I know. It’s painful to watch someone you love have no idea that that person they’ve dedicated their life to is completely wrong for them. And not just your opinion – a literal mismatch from hell.

Unfortunately, it’s not your place to say that.

I don’t care how close you are to a person – you can’t try to convince someone to fall out of love. The power of the heart is simply too substantial. And you will lose that battle.

Even if you did sit your best friend down and say, “Look, Marie, I need to tell you, I’m pretty sure your boyfriend is a serial murderer.”

Do you think she would listen?

No way. She’d say you’re crazy. She’d say you don’t really know him. And she’d say his machete collection is “for hunting purposes only.”

Look: Sometimes people aren’t ready to hear things yet. And if you make the mistake of crossing that line before their ears are tuned into the right frequency, you run the risk of shutting them down permanently. And that’s when people really get hurt.

The best thing you do is make observations. That’s it. No opinions. No suggestions. Just things you notice.

Present those things in a respectful, curious and confidential manner – in the hopes that the people you love will eventually realize that dating a convicted killer isn’t the healthiest decision. Are you willing to be an objective observer?

4. Hovering is for helicopters. One thing I admire about my parents is their consistent willingness to let me screw up. Which, from what I hear, is a painful thing for any parent to do.

Because they’re your kids. They’re your babies. And you don’t want them to be in pain.

However, there’s a huge difference between getting hurt and being injured. And I think I’ve (finally) figured out why my parents allow this. It’s because they trust in their own parenting abilities. They believed they raised me right.

And so, when I do screw up, they have faith that I will tap into the foundation of character that they spent the last thirty years of their lives pouring. And wouldn’t you know it? Every time I screw up – which, happens a lot – they back off and let me figure out how to handle it on my own.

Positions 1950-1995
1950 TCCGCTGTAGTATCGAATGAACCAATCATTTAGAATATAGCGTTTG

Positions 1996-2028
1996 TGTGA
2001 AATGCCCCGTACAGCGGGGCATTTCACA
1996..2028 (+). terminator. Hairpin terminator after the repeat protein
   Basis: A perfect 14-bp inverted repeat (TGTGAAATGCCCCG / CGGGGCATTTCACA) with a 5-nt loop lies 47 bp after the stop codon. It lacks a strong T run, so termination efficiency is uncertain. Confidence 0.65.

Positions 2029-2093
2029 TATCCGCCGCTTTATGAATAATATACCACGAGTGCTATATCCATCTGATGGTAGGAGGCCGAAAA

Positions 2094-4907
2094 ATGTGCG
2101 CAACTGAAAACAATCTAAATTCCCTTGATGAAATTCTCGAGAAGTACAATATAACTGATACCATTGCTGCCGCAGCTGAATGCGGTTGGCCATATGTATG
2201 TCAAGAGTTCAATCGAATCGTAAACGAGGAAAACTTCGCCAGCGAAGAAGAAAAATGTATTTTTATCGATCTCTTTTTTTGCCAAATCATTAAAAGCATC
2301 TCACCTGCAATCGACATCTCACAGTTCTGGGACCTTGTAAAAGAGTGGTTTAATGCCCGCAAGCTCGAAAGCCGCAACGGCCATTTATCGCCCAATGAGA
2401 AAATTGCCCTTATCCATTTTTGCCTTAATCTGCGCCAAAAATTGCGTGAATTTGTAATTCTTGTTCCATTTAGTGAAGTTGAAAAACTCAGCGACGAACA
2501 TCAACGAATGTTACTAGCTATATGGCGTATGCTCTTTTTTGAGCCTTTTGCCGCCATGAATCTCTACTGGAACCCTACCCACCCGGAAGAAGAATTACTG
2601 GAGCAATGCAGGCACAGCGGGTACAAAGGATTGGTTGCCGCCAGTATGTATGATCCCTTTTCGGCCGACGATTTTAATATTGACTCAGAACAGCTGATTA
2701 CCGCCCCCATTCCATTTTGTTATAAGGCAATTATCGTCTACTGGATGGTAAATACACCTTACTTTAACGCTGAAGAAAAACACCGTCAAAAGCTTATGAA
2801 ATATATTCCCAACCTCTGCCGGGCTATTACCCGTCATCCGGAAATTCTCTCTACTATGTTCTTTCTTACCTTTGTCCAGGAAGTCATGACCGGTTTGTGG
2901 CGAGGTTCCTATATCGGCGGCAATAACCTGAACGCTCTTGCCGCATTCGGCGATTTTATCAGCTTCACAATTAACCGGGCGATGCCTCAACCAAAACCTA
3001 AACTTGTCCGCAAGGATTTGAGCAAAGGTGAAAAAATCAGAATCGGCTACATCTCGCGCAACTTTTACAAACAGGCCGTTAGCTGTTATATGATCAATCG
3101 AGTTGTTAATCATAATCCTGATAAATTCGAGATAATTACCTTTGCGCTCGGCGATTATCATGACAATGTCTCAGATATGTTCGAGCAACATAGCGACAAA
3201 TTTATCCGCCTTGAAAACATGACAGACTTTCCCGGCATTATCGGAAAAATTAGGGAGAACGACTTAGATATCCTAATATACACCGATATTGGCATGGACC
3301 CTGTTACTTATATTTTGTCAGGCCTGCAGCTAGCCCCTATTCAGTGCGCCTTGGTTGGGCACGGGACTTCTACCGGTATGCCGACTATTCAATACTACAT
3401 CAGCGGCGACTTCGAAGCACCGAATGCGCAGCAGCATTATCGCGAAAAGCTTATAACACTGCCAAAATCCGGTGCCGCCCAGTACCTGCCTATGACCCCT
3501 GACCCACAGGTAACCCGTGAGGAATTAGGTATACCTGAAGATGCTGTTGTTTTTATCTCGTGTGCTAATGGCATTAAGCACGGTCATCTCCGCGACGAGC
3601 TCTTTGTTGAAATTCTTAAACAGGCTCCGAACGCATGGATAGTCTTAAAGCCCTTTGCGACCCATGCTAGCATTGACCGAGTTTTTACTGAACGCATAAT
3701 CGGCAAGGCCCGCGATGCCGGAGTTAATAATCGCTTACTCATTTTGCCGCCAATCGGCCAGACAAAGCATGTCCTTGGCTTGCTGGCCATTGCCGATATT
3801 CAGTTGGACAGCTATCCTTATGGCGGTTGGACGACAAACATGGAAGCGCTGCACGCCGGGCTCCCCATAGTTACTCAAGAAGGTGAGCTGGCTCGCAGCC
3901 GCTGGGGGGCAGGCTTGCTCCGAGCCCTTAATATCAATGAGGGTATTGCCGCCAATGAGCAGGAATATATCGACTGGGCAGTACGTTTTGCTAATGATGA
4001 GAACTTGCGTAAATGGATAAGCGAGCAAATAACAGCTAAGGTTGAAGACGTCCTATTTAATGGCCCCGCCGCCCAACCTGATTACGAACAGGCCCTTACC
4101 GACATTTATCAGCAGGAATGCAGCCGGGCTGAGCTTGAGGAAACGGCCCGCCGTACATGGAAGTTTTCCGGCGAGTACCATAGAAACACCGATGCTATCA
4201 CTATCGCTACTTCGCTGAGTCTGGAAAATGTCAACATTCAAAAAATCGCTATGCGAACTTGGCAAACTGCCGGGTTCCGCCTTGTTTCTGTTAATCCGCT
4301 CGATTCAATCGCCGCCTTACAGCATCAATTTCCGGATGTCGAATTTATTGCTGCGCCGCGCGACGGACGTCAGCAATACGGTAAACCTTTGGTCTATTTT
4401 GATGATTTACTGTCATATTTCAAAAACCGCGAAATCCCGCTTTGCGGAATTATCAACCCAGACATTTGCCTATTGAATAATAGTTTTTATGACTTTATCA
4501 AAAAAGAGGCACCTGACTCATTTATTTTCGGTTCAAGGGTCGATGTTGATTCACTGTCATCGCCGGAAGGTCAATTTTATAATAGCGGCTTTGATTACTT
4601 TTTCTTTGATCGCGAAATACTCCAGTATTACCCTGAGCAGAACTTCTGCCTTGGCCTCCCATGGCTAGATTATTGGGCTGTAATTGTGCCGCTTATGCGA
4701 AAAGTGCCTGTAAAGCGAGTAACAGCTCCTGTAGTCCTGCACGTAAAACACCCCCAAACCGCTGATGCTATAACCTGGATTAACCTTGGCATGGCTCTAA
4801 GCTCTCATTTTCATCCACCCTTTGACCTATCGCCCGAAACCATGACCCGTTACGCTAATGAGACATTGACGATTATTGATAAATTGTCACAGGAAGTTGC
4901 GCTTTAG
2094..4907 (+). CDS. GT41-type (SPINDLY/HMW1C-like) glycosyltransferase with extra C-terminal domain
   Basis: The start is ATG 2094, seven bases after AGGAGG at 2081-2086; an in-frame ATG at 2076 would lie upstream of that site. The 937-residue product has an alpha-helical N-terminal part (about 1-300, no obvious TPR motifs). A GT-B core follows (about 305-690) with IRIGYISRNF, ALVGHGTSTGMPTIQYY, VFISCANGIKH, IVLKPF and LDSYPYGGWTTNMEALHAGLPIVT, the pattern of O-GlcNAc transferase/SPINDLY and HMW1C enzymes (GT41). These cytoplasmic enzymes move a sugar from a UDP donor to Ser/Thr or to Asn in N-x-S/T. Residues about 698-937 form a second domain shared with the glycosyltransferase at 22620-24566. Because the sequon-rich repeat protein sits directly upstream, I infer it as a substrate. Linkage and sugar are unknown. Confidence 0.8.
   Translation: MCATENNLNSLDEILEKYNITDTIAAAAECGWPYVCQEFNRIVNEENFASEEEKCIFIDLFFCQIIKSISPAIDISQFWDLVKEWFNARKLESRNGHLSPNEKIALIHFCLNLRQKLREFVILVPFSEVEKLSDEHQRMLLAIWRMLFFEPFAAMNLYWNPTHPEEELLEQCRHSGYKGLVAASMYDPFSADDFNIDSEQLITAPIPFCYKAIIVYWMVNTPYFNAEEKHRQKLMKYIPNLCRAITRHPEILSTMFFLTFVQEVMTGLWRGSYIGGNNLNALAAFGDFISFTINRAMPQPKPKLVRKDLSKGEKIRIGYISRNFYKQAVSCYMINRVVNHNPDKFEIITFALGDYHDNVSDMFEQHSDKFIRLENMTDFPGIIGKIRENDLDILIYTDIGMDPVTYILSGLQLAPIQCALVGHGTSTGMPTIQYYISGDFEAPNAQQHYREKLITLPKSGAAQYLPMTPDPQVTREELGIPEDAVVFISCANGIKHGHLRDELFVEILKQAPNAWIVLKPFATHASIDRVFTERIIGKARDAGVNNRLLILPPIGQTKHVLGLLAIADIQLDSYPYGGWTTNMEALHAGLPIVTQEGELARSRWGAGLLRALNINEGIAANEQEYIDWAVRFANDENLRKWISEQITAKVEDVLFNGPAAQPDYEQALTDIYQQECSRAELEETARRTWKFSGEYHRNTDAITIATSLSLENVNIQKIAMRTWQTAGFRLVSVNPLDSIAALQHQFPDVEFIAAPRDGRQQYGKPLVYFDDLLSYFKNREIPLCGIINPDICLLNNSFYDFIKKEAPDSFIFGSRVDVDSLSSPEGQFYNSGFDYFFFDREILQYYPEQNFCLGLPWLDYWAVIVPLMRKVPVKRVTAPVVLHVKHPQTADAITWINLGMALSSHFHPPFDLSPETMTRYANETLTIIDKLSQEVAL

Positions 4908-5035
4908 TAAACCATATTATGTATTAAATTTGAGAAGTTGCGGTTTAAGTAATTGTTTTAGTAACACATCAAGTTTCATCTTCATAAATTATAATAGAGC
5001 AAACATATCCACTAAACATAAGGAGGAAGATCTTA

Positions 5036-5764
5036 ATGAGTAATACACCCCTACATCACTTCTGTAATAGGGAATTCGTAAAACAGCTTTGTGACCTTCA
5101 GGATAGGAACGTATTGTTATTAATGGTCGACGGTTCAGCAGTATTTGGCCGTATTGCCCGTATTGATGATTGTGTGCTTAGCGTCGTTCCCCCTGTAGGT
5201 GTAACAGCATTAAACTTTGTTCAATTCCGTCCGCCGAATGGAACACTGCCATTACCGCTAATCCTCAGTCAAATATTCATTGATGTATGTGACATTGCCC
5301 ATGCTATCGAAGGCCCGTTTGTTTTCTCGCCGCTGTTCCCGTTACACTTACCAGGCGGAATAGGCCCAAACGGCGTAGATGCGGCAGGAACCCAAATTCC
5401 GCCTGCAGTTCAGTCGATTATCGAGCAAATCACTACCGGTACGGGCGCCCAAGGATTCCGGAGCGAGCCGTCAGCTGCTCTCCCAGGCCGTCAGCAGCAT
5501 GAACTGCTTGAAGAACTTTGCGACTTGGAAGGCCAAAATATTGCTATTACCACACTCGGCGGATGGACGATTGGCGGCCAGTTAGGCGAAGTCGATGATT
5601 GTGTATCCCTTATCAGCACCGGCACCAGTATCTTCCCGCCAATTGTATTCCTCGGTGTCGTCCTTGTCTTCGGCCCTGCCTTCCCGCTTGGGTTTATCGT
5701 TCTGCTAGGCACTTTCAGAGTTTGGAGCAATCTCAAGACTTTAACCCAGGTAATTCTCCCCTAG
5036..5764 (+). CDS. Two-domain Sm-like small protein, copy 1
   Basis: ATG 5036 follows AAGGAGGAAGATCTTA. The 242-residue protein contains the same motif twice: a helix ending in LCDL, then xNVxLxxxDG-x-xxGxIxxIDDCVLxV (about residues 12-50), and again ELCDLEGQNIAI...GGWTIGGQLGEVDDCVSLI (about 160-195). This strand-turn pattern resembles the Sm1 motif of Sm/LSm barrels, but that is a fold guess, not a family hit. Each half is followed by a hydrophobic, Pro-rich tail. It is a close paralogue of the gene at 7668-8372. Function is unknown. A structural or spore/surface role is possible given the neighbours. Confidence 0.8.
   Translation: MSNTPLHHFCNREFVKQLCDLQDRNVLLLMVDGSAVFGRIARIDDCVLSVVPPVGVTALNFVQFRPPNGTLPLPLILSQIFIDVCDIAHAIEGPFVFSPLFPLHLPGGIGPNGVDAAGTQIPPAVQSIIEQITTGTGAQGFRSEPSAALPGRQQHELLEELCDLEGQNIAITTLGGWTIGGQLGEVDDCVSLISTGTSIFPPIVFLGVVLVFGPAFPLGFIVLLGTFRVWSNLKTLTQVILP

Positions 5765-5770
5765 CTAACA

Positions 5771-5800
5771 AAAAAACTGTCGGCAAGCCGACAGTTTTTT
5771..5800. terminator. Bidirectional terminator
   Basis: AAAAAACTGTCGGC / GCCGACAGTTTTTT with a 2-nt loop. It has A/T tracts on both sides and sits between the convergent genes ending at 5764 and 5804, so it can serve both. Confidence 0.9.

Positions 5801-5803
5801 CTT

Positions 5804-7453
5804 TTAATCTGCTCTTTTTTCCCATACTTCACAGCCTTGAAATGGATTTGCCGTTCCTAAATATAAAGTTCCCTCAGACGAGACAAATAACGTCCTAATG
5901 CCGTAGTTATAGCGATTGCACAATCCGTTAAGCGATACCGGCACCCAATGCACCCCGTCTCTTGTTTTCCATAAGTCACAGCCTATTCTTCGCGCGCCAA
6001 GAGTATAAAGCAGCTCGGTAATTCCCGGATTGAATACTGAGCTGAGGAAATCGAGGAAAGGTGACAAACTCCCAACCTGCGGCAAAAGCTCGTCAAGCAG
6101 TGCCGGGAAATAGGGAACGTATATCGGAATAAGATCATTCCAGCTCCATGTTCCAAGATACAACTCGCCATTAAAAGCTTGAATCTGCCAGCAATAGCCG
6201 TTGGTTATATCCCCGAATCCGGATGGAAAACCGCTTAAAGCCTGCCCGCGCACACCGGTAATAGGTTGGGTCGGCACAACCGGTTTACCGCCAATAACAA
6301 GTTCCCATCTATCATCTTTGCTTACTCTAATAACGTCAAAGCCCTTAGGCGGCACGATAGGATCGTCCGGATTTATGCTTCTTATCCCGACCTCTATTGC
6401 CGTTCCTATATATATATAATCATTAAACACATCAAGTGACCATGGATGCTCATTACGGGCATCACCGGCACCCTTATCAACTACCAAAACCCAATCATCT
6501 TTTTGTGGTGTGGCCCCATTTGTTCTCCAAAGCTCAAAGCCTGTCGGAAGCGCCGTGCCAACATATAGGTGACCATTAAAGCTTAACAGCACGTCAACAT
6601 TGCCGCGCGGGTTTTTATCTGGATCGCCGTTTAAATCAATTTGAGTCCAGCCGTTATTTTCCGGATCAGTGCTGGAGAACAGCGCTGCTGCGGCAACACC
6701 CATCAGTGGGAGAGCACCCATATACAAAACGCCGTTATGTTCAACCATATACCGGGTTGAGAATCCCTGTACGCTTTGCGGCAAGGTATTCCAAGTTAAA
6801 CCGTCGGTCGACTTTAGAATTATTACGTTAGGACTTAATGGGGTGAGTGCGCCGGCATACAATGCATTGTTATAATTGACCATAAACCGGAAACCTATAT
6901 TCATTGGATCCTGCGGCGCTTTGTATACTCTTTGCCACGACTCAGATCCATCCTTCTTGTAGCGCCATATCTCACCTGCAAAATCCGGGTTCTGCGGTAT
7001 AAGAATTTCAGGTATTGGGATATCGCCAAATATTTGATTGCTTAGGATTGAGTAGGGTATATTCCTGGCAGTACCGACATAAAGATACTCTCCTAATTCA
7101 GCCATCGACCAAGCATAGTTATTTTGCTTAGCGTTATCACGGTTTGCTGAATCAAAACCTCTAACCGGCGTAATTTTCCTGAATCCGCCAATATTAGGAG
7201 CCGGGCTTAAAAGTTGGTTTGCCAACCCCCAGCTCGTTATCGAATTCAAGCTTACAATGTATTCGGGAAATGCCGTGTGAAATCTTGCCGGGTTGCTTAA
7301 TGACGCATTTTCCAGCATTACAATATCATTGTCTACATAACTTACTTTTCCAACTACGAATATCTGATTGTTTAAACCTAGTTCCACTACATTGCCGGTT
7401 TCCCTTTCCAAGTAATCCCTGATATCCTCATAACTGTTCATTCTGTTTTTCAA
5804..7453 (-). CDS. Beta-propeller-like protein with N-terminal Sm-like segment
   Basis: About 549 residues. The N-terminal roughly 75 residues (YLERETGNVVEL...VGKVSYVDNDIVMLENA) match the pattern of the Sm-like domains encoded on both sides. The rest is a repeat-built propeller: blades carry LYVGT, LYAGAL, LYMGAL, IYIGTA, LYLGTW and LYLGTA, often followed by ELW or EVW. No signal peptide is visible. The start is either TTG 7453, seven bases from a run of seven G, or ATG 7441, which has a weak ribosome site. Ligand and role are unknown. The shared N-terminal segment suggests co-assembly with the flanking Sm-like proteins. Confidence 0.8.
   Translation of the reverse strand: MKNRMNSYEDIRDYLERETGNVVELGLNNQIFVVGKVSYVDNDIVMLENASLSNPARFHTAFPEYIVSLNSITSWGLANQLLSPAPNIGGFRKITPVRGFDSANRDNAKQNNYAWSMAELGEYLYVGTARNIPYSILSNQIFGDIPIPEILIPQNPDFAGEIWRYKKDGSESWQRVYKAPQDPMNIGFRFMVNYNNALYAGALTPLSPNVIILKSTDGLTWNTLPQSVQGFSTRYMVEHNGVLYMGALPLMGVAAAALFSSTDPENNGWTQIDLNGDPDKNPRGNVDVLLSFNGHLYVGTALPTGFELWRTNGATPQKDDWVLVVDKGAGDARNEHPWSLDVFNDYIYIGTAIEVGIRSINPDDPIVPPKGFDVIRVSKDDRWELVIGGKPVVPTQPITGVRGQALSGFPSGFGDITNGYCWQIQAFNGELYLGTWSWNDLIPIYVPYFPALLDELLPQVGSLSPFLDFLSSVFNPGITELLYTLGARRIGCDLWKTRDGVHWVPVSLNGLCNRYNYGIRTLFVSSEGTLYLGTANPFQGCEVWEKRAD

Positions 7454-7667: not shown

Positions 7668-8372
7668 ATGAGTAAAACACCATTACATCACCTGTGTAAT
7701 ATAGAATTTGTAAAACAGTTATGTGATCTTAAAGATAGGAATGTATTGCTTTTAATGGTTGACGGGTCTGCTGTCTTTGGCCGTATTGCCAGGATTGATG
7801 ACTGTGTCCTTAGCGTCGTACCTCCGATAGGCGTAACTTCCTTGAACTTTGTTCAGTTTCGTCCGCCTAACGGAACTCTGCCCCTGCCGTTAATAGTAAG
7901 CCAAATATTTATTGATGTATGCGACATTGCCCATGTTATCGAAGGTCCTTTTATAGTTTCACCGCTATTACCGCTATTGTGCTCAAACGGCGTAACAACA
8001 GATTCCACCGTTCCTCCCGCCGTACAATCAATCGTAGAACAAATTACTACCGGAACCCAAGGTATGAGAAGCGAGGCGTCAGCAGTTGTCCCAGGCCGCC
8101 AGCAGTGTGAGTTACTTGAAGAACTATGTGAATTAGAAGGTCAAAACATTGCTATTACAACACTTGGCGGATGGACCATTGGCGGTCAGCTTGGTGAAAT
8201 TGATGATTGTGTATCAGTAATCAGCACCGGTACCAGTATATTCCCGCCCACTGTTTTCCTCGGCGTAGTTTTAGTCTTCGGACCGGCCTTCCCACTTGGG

Sure, they’re there to help. And guide. And ask questions. And offer suggestions. And, occasionally run over somebody with a tractor.

But they don’t let me get injured. And as a result, my wounds heal under antiseptic of my own actions; the scars of which ultimately help contribute a greater verse to the song of life.

All because they had enough self-control and self-trust to stop hovering and start heeding. Who thinks you’re a helicopter?

5. “I told you so” leads to, “I resent you so.” Okay: You’ve backed off. You’ve listened. And you’ve let the people you love figure out things on their own. Well done.

Now, there’s only one thing left to do: Smother your smugness. Because saying – or implying – any version of “I told you so,” negates all the hard work you’ve put in so far.

Don’t do it. It makes you look arrogant and make them feel small. Instead, trust that she knows you knew – the whole time – that she never should have married that jerk. No need to rub it in her face.

Do what my mentor does. For the past fifteen years, I’ve watched Mr. Jenkins practice this beautifully with each of his students – myself included. Instead of reminding us that he’s always right – which he is – he just waits. Sometimes years.

And when we, his students, eventually figure out how stupid we’ve been the whole time, Mr. Jenkins just smiles and asks us what we’ve learned. And then we reflect together. The learning cycle come to a close, and we move onto the next lesson. How patient are you willing to be with the people you love?